Fairfax County Leader Encourages Public and Private Sector Collaboration for Growth

Sharon Bulova, the long-time chairman of the Fairfax County Board of Supervisors, gave the 2019 Benjamin F. Tompkins Real Estate Best Practices Lecture last September 25 before an audience of real estate students, alumni, and industry professionals at Van Metre Hall.  She is stepping down in January 2020 after serving three terms as Chairman of the Fairfax County Board of Supervisors, and previously served as the Braddock District Supervisor from 1988-2009. After a thirty-one year career in public service, Chairman Bulova reflected on lessons learned from her role in land use decisions and shaping development projects in the most populous jurisdiction in the Washington D.C. metropolitan region.

She noted that she started her public life with a less than positive view of real estate development.  She was first elected as part of a slow-growth oriented board in 1988.  The decline in economic activity from slow-growth policies was exacerbated by the recession of the early 1990s.  The resulting steep decline in county finances required deep and painful cuts in public services.  She came to believe that development and economic growth are necessary for the county to provide public services and improve the quality of life in local neighborhoods. “The important thing is not that we grow.” said Bulova, “It is how we grow.”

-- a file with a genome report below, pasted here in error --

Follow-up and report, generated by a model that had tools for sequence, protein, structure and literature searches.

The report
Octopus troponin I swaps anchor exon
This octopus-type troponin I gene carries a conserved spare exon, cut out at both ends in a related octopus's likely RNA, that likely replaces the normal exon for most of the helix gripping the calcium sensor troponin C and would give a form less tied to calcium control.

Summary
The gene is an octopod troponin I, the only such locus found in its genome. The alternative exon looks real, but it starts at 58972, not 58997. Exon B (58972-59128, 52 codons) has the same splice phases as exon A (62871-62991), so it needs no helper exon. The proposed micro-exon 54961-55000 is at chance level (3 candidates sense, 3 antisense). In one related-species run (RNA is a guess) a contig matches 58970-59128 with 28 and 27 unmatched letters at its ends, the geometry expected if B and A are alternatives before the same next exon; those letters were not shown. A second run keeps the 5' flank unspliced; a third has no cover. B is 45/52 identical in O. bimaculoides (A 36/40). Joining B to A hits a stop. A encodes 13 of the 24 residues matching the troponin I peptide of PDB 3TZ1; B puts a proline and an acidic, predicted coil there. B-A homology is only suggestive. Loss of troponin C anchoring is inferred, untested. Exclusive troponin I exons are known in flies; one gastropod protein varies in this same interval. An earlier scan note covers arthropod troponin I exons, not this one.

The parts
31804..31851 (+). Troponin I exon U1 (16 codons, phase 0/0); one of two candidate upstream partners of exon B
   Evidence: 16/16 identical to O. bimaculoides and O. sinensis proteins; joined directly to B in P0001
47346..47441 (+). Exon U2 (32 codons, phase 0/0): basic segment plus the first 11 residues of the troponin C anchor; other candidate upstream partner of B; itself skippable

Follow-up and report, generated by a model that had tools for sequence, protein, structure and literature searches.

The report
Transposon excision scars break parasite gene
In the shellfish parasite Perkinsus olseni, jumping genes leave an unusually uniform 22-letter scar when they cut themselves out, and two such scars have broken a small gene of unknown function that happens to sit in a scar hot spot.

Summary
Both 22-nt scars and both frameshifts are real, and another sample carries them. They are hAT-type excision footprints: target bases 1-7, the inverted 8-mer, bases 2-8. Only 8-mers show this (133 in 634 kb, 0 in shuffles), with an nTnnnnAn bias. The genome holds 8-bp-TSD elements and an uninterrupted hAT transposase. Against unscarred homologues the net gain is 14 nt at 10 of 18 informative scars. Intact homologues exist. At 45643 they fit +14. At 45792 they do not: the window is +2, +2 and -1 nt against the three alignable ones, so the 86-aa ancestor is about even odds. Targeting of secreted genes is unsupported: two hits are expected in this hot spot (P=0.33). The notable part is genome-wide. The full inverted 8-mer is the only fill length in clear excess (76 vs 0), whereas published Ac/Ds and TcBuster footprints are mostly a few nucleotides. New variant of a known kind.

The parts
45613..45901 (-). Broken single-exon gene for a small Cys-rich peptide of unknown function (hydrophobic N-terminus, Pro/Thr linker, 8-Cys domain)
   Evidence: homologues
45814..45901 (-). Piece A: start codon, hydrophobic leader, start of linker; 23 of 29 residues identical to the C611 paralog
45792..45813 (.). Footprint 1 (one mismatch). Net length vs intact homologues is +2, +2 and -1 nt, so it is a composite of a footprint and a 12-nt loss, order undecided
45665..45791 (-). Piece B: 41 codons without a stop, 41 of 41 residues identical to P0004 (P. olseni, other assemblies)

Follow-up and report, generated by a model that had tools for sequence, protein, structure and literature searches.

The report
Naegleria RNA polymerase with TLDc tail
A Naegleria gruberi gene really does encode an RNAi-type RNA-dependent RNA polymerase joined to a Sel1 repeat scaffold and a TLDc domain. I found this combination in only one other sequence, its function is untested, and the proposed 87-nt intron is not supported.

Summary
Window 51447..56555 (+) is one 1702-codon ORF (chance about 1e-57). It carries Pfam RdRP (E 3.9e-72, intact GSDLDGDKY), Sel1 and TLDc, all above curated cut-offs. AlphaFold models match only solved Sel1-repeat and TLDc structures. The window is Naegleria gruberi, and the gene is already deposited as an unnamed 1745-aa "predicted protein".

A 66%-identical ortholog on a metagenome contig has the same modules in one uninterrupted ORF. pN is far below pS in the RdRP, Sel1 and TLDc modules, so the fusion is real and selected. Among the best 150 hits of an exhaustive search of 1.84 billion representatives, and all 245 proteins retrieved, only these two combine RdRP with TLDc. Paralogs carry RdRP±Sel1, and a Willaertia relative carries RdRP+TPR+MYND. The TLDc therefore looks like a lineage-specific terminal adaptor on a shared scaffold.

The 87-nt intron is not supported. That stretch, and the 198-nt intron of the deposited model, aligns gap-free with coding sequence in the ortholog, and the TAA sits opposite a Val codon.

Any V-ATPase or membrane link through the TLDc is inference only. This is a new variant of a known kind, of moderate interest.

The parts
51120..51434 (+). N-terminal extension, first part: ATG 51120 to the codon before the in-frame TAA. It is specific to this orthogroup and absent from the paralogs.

As a result of her new outlook, she came around to working constructively with developers to help shape better communities and places for the county.  She points to the Mosaic District which opened in 2012 in Merrifield as a prime example of what can be achieved with the collaboration of developers, the county, and the surrounding communities in the land use approval process. “I had my doubts at first that the level of density would be acceptable,” Bulova recalled. “It’s been highly successful.  People are looking now for walkable neighborhoods.  Mosaic is a good example of what can be done in other parts of the county.”

Bulova cautioned against not involving citizens and impacted neighborhoods in the discussion and planning of new development. “I believe that working with the community makes projects better,” said Bulova. “Never underestimate the value of community engagement.”

Bulova also stressed the importance of a stable policy environment and process for successful economic development.  She wrote a succinct summary of her lessons learned about the public role in real estate development in a May 2019 article posted on her Bulova Byline newsletter: “I came to appreciate the importance of stable, dependable land use policies coupled with governance that engages with and is considerate of all stakeholders when considering change.”


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